Under New York City law, employers are not permitted to perform criminal background checks until an individual receives a job offer. Employers are permitted to perform criminal background checks after making a job offer, but if the background check reveals information that causes the employer to take back the offer, employers are required to submit to a formal process. This process requires a holistic look at the candidate, which includes a write-up about why the job offer is being taken back. The laws allow employers to consider a wider range of applicants without bias and ensures that individuals with criminal records are given a fair chance to prove themselves. Having a criminal record can even impact you, if you’re looking to get a car lease, like in big cities like San Diego – where San Diego Car leases will be heavily scrutinized.
There are some questions that employers are not allowed to make at any stage of the process, including questions about arrests where there was no conviction and sealed convictions (for instance, for juvenile crimes or for convictions where drug treatment was ordered).
The difference between an arrest and a conviction is significant. For this reason, it is very important to seek the assistance of a criminal defense attorney if you’ve been charged with a crime.
While New York City has taken important steps to protect individuals with criminal backgrounds, many colleges and universities in the city, state, and country have not followed suit. According to the New York Times, the Obama administration is asking colleges and universities to reconsider how it handles individuals with criminal records, citing questions about records as barriers to higher education. Policy makers are urging colleges to save criminal background checks until after an applicant is offered admission.
Many argue that the focus on criminal background checks and behavioral issues marginalized black male youth who are more likely to face police scrutiny. The Common Application, the online application process that many colleges and universities use, is altering the wording of its criminal background history question to only include felony and misdemeanor charges. Yet, as it stands, the box remains. Some officials have suggested that the box may be removed altogether in 2017.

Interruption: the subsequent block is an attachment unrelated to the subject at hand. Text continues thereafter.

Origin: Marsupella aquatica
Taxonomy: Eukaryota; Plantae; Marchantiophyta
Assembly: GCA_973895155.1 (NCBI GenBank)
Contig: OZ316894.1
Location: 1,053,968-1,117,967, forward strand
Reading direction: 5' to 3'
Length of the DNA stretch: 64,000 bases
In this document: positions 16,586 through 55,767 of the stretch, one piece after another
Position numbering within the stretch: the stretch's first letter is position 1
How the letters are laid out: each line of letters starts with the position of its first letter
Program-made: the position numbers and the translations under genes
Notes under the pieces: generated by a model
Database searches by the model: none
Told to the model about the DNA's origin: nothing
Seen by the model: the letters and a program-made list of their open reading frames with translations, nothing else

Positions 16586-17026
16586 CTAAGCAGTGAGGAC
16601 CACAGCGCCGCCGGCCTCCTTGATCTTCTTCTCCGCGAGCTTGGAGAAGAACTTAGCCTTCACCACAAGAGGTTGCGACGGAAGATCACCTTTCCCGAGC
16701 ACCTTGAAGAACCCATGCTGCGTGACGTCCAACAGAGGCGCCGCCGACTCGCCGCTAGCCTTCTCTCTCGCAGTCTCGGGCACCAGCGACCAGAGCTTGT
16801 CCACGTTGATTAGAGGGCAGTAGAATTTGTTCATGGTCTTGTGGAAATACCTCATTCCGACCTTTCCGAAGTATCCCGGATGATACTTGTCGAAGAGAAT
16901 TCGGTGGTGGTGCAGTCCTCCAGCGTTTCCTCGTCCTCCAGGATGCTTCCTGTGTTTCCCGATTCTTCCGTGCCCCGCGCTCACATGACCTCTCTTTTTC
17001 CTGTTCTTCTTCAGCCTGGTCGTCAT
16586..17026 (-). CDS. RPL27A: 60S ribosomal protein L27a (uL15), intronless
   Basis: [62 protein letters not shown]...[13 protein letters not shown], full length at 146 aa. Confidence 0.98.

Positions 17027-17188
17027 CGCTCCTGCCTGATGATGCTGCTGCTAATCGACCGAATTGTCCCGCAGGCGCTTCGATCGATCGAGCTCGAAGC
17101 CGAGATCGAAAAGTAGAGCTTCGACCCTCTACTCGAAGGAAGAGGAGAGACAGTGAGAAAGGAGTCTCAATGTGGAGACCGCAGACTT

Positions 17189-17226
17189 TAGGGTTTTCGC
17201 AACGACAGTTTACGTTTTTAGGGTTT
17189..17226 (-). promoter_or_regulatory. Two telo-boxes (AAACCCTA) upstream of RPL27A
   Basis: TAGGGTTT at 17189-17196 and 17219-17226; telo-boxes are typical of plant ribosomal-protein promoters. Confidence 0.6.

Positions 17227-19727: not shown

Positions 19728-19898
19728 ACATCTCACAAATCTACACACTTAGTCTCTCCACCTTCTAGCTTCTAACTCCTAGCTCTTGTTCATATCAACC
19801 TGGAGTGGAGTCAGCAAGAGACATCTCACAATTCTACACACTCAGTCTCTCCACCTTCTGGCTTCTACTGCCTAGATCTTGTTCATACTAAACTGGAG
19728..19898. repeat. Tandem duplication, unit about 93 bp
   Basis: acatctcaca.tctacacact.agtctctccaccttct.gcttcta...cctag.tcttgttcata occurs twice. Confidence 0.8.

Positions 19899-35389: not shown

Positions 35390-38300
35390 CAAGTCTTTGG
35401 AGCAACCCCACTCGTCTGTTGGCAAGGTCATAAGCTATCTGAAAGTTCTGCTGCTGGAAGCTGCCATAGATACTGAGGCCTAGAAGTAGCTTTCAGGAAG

Some other solutions that have been suggested include offering individuals with criminal backgrounds more guidance on how to respond to criminal history questions, including offering sections where applicants can explain their past record and demonstrate their ability to perform in college or university.
The reality is that individuals with criminal histories face major barriers to employment and access to education. The difference between a criminal charge and a criminal conviction is vast. Being charged with a crime doesn’t give you a criminal record, while being convicted does. This is why it is important to seek the counsel of a criminal defense lawyer if you are facing charges. A criminal defense lawyer can review the circumstances of your arrest and any evidence gathered against you.
The Spodek Law Group, P.C. is a criminal defense attorney in New York City, who works closely with individuals being charged with crimes. Contact us today to protect your rights.